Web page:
New study suggests gut bacteria could cause bowel cancer
Bacteria commonly found in our guts could contribute to the development of bowel cancer, according to a new study published in Nature today.
The study, led by scientists in the UK, the USA and the Netherlands, shows that a toxin released by a strain of e-coli causes DNA damage to cells lining the gut.
The scientific team behind the research suggest detecting this damage could one day allow doctors to identify people at high risk of developing bowel cancer. They believe it could be used alongside the bowel cancer screening test in the future.
Genevieve Edwards, Chief Executive at Bowel Cancer UK, says: “Although this research is at an early stage, it adds to the growing body of evidence about the role that bacteria and other microorganisms that live in our gut may play in bowel cancer development.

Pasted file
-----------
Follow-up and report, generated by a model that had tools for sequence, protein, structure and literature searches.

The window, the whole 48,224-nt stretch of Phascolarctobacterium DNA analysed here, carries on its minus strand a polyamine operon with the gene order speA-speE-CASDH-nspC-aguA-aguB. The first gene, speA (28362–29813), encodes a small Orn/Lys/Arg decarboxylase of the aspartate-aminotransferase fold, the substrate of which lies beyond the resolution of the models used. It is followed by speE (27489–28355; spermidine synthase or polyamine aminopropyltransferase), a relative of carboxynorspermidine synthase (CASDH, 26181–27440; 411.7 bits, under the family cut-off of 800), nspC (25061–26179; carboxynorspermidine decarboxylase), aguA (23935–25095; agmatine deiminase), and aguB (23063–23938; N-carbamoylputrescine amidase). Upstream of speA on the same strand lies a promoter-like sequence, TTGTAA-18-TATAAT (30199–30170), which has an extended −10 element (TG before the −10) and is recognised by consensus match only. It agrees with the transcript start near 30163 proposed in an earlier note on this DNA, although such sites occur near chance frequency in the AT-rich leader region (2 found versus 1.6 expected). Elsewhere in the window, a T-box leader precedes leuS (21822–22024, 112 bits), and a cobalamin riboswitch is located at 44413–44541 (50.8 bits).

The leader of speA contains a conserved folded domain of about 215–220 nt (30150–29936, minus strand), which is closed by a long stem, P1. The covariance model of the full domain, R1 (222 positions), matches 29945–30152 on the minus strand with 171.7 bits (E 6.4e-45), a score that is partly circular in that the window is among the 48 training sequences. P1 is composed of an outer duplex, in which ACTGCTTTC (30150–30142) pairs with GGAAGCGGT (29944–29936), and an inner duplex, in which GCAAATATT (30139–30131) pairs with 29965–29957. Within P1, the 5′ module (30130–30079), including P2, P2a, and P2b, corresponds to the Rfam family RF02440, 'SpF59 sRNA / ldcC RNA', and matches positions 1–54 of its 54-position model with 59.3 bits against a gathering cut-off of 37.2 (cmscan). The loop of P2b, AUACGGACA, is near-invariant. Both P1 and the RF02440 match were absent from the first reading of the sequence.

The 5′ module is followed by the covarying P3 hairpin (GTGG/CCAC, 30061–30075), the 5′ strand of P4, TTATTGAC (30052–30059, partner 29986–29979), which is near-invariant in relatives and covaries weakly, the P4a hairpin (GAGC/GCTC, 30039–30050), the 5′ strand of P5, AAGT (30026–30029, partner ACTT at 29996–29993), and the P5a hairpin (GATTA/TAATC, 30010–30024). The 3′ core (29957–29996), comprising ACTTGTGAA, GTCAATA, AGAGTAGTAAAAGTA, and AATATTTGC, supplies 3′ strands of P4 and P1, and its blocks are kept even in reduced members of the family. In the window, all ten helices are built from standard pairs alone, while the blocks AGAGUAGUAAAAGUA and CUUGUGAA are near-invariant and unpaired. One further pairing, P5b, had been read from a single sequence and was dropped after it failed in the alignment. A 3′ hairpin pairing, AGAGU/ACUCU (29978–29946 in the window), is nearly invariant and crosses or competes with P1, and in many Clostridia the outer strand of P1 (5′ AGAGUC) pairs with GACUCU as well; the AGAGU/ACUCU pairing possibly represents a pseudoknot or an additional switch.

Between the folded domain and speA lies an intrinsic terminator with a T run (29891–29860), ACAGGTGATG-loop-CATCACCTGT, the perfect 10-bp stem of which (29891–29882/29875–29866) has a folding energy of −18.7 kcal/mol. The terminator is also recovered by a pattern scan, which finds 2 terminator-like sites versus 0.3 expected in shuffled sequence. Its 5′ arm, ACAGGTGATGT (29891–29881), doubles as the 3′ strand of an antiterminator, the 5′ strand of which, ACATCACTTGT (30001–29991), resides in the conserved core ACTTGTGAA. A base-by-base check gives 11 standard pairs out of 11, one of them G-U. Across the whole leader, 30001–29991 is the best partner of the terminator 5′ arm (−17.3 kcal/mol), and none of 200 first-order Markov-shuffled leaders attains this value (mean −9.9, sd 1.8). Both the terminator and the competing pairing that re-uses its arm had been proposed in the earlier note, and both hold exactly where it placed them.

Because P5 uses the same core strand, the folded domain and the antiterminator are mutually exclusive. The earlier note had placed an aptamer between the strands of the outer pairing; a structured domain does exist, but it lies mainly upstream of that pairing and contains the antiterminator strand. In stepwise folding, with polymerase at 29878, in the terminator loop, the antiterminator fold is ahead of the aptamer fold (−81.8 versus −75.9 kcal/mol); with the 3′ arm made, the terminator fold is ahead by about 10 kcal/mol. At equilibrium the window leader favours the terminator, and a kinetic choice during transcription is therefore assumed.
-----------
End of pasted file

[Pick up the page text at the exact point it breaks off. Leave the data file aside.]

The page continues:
“Bowel cancer is the fourth most common cancer in the UK, with over 42,000 people diagnosed every year. Making simple changes to your lifestyle can help stack the odds against bowel cancer. Including wholegrains, fibre and fish in your diet, being of a healthy body weight, having regular physical activity, avoiding processed meats and limiting red meat, can all make a real difference.”
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